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Notes on the proper use of UPSes

We had a power outage yesterday.

It only lasted a little bit. I'd say two-to-five minutes. My desktop boxen powered down, but that's OK, I was wanting to reboot them anyway. The important thing isn't my desktop machines, but rather the instrument machines.

I work in a laboratory, and things have progressed that just about anything that could be done without the use of instruments and computers and analysis has been done sometime in the last few hundred years. Computers have enabled new ground to be broken, and there are lots of instruments that are connected to computers via USB or CAT5 or eHDMI cables. 

One of these instruments has a UPS, or Uninterruptable Power Source, connected to it. Consider it a surge protector with 20 lbs of lead oxide battery connected to it. Thing is, the instrument uses the twist-to-lock power connector, and the UPS for that instrument only had the twist-to-lock UPS connectors. The computer connected to it did not have a twist-to-lock power cable, so it was disconnected from power.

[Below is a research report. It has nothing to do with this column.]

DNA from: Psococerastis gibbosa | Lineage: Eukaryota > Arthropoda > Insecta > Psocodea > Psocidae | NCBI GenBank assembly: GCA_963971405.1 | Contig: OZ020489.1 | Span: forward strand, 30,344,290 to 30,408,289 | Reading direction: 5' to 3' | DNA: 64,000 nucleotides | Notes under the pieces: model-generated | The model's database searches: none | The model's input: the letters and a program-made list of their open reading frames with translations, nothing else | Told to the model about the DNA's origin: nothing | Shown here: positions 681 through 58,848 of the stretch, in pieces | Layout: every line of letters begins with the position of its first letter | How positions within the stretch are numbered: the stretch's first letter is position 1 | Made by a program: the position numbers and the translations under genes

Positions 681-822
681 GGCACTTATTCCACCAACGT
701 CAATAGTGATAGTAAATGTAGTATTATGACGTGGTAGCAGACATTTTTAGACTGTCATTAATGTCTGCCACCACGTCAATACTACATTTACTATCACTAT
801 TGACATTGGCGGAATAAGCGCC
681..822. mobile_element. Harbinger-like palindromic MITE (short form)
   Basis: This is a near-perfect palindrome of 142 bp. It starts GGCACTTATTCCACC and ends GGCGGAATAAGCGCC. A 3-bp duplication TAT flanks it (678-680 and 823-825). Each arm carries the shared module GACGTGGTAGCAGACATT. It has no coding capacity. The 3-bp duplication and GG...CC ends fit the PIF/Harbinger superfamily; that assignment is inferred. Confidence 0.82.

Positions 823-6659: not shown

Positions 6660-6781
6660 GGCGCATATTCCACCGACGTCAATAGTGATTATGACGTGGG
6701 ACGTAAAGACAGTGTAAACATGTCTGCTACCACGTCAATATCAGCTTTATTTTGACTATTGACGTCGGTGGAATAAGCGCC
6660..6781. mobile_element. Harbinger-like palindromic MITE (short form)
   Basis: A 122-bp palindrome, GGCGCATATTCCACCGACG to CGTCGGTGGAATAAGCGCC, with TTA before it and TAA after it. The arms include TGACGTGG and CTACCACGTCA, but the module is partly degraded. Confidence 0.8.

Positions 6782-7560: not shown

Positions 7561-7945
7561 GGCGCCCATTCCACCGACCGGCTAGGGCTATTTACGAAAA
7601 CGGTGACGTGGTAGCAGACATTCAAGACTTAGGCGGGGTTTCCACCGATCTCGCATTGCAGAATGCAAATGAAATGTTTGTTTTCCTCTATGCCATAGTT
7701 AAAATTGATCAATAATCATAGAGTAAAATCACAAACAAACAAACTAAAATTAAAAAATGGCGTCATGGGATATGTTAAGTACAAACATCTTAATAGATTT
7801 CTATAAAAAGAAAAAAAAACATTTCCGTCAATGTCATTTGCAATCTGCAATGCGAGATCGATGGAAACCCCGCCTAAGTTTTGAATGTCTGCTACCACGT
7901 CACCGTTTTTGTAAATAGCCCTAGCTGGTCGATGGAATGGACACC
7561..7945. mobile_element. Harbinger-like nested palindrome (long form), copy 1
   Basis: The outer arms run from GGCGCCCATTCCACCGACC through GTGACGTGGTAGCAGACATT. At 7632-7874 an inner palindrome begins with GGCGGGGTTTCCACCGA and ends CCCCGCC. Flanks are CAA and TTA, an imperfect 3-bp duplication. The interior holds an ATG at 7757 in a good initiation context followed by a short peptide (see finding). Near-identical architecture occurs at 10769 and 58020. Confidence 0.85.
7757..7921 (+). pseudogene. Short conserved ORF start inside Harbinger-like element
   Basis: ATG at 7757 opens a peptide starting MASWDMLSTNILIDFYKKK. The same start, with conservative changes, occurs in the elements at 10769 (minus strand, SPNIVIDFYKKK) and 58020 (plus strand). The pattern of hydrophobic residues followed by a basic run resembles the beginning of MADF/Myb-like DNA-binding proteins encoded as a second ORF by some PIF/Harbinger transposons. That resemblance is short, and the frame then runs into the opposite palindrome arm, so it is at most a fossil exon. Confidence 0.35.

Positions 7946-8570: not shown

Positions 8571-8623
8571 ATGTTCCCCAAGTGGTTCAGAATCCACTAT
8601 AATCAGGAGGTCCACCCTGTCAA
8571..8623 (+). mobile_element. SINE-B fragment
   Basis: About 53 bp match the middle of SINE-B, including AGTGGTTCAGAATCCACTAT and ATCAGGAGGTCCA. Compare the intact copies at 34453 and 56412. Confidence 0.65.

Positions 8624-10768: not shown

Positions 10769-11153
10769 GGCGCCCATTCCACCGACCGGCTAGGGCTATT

Lesson: If you have an instrument on a UPS and the PC that controls it is not on a UPS, you do not have an instrument on a UPS.

We actually had an APC SmartUPS 1500 floating around the office, so I was able to close that barn door after the livestock escaped. Outages occur only once every four years or so here, so this is more threat than menace.  But now I have a sense of what needs to be done.